Friday, October 24, 2014

One startling adjective

I hadn't expected to return to the subject of adjectives so soon after my discussion a week ago (see "Generically kind," Oct. 17), but then I happened across the following quotation from novelist Anne Bernays:

"Writing that has no surprises is as bland as oatmeal. Surprise the reader with the unexpected verb or adjective. Use one startling adjective per page."

That got me to thinking: Do our best writers in their best books have one startling adjective per page? So I opened some classic novels to a page at random and went in search of startling adjectives.

Lord Jim by Joseph Conrad

Most of the adjectives Conrad uses on page 217 of the Signet Classics paperback I used for a college class seem ordinary, even cliched. We find "a single thought," "some inexplicable emotion," "stealthy footsteps," "an abrupt movement" and "a broken bannister." Yet we also find some more surprising choices such as "worm-eaten rail" and "faint shriek." For me, the most startling adjective comes when the narrator says a character "called him some pretty names, -- swindler, liar, sorry rascal," although that use of the word pretty would have been less startling at the time Lord Jim was published (1899). Pretty can be a synonym for terrible, as in "pretty predicament," but we don't seem to hear that usage much these days.

Tess of the D'Urbervilles by Thomas Hardy

Hardy uses a few startling adjectives on page 173. We see "highly starched cambric morning-gown," "the impassioned, summer-steeped heathens," and "rosy faces court-patched with cow-droppings." Even if you don't even know what those descriptive words mean, they still sound pretty good, don't they?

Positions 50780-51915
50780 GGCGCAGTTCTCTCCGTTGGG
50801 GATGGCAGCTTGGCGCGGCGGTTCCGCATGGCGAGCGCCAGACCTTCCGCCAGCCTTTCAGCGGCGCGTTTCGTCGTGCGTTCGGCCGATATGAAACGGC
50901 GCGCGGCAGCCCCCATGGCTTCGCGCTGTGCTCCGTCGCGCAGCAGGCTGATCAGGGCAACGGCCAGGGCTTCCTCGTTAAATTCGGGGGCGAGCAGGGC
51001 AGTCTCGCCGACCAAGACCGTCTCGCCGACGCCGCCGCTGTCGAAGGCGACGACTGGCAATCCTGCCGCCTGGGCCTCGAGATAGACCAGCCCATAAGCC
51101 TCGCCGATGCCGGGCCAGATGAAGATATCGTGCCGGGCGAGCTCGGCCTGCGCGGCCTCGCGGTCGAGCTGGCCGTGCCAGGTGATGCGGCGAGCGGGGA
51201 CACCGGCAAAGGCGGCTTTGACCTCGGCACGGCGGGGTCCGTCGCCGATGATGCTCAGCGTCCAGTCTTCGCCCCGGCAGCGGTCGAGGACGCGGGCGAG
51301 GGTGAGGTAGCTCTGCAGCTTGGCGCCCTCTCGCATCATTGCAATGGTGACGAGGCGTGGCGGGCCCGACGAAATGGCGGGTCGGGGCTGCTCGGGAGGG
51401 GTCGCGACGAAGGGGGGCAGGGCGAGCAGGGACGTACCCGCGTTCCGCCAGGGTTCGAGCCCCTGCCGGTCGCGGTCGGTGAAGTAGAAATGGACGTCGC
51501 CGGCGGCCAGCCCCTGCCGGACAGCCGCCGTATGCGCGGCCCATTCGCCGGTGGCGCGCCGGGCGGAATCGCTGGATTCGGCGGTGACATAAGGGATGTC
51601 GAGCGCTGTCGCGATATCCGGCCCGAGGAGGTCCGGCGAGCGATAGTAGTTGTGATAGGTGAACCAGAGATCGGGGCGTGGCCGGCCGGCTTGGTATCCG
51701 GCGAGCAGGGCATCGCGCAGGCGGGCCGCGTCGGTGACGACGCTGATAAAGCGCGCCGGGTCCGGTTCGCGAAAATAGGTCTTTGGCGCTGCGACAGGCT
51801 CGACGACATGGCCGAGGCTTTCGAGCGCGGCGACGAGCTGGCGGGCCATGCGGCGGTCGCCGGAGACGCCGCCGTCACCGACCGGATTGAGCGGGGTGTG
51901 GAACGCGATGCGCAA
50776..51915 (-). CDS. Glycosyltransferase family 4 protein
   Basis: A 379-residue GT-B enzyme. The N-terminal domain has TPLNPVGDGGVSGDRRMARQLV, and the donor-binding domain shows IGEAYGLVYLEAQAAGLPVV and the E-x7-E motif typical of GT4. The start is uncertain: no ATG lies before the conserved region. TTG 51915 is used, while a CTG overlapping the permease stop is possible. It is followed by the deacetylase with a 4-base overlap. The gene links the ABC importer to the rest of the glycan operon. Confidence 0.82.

Wuthering Heights by Emily Bronte

Bronte writes of a dog's "pendent lips." That's an interesting choice of adjectives, simple yet descriptive.

Adventures of Huckleberry Finn by Mark Twain

You would expect Twain to find creative adjectives, and he does. "He was the innocentest, best old soul I ever see," Huck says. Yet Twain's most startling word on this particular page is a verb, when he has Huck say of his friend Tom Sawyer, "He warn't a boy to meeky along up that yard like a sheep."

Catch-22 by Joseph Heller

Heller doesn't invent words in the way Twain does, but he uses familiar adjectives in inventive ways in my sample page from his best novel. We find "puzzled disapproval," "ancient eminence and authority" and, my favorite, "his enormous old corrugated face darkening in mountainous wrath." Wow.

The Sun Also Rises by Ernest Hemingway

I was a bit startled to find any adjectives at all in Hemingway's spare prose, yet toward the bottom of page 26 in my old Scribners paperback I found this line, "her eyes had different depths." I think Anne Bernays would approve of that.

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